In order to access a single pixel from an image PIL needs to first read the whole image. Could you tell us more why you need this? There may be a better approach. –  Steven Rumbalski Oct 25 '12 at 21:08
    
I added a bit more description on the question. To further detail my intent, I just need to get a single pixel from an image for any call to my script. That's why I think it's a waste of resources to load an entire image to RAM (RAM and CPU waste). So that's why I would like to directly access a pixel from an image, directly by reading the byte from the harddrive. I would prefer a library that would support compressed formats (by doing some ingenious computations), but my alternative right now is to just store images as RAW and then I think it would be quite easy to access a single byte. –  gaborous Oct 25 '12 at 21:12
1  
If you want random access, you'll need to go raw. You will have to read the whole thing in memory to deal with compressed formats like JPG and PNG. Also, be careful with lossy compression formats like JPG, where a specific pixel might have a color completely different from the perceived color in its vicinity. –  NullUserException Oct 25 '12 at 21:24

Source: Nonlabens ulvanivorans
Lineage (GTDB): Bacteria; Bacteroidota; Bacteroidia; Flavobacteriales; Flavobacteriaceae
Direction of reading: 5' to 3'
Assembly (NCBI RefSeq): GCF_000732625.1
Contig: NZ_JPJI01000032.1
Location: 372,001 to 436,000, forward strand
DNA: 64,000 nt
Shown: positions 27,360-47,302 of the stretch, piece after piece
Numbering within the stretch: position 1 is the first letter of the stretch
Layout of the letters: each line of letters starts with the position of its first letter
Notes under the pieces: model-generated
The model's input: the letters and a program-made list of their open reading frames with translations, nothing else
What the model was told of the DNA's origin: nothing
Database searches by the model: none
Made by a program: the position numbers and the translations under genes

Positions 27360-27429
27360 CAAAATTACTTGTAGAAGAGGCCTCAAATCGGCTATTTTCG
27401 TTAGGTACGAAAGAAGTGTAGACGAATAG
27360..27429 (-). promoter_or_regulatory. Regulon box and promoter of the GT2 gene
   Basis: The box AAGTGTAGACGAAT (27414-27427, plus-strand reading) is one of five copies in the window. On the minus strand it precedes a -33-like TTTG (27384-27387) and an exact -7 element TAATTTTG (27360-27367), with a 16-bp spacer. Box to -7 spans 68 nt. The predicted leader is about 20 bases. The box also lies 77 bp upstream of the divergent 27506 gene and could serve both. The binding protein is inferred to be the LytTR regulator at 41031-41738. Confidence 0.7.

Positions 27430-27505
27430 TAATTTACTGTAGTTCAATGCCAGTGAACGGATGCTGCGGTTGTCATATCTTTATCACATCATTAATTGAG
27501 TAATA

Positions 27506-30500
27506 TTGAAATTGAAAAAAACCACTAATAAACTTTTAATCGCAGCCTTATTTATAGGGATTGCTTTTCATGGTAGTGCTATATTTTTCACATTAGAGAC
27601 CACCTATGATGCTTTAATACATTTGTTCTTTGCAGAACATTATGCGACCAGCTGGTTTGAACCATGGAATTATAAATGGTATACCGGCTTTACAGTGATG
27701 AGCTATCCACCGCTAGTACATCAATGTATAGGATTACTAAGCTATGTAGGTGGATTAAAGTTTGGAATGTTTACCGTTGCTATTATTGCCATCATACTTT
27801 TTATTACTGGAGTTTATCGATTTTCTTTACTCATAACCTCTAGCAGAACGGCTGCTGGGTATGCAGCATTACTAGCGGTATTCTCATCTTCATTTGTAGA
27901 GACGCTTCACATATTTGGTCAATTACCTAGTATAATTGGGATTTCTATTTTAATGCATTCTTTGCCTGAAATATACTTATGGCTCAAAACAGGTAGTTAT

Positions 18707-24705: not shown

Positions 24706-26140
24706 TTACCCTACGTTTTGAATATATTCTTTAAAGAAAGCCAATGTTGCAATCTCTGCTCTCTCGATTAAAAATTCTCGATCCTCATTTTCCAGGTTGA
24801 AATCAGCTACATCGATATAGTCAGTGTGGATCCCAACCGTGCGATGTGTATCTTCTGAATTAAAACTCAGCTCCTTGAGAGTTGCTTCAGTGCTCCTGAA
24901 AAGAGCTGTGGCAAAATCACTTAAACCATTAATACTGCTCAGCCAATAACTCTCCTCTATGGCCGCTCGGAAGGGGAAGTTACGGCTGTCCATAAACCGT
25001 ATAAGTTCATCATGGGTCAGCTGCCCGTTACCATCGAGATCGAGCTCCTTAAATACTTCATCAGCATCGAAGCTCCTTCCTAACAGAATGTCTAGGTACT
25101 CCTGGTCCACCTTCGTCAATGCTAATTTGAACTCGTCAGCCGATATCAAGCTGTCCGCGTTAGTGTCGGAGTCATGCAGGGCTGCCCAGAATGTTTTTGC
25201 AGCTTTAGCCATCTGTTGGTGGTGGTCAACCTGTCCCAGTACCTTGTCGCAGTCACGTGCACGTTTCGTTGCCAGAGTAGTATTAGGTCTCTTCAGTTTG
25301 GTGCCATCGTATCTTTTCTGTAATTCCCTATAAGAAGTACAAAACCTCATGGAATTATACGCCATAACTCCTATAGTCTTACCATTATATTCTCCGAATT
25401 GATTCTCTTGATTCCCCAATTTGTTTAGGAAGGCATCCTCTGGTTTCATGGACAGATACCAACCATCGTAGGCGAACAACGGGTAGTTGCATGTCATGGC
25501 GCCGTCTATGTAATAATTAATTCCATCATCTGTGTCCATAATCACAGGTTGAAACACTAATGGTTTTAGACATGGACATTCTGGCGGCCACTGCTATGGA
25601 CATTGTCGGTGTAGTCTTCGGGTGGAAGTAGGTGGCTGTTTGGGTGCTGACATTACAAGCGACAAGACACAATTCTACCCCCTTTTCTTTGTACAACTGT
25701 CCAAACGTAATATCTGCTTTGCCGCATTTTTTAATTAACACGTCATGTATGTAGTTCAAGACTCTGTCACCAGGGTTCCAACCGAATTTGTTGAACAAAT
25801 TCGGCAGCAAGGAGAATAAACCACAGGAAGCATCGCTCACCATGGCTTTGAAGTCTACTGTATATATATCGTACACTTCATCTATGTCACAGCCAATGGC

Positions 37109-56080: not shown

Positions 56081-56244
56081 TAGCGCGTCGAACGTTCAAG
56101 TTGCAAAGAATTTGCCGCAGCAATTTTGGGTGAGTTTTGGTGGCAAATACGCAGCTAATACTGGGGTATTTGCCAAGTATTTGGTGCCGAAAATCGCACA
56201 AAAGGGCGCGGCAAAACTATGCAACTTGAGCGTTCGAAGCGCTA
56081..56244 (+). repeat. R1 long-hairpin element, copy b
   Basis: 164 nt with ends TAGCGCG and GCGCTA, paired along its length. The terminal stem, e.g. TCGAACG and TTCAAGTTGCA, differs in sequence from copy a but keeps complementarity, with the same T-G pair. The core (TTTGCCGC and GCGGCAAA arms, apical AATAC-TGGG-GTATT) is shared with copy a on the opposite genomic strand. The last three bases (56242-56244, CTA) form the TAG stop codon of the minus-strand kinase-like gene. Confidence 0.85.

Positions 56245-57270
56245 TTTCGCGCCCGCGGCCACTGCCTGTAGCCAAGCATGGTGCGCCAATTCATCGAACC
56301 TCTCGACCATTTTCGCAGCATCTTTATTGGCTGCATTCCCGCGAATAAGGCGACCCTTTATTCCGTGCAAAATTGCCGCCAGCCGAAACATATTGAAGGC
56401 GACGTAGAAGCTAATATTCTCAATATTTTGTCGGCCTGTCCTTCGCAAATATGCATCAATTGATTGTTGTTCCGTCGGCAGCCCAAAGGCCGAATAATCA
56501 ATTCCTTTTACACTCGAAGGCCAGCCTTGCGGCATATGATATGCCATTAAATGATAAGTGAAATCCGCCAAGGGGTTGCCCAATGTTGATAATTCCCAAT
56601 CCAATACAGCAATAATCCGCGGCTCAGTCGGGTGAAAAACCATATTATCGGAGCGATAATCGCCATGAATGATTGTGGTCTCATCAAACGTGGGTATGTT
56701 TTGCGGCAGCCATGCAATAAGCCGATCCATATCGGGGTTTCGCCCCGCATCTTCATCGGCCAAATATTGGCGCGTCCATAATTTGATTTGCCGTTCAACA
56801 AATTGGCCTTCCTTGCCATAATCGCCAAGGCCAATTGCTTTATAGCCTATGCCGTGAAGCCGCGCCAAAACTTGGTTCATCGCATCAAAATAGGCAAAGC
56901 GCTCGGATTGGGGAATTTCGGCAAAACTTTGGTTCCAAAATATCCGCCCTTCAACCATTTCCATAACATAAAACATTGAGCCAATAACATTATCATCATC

1  
To read an arbitrary portion of a file in Python, use file.seek() to move the file pointer. For you other question, I suppose it would be possible create an optimized function that can give you an arbitrary part of a compressed file without uncompressing the whole thing, but this isn't typically how archives are used so you'd have to do it yourself. –  NullUserException Oct 25 '12 at 22:40

2 Answers 2

up vote 1 down vote accepted

If you want to keep a compressed file format, you can break each image up into smaller rectangles and store them separately. Using a fixed size for the rectangles will make it easier to calculate which one you need. When you need the pixel value, calculate which rectangle it's in, open that image file, and offset the coordinates to get the proper pixel.

This doesn't completely optimize access to a single pixel, but it can be much more efficient than opening an entire large image.

share|improve this answer
    
In fact I was just thinking about a similar idea and was going to update my question when I saw your answer. I think I'll do just that, but with a twist. My images are just 2 colors: black and white, and I have BIG contiguous zones, so I can easily compress all columns of each row like this: 10B12W8B etc.. This way I can easily access a row just like in a RAW file, but then I can access the columns by just a simple computation of ranges with my column coordinate (check if it's in the 10 first black pixels, if not then in the 12 next white, etc...). I keep your idea in store, nice one too! –  gaborous Oct 25 '12 at 22:48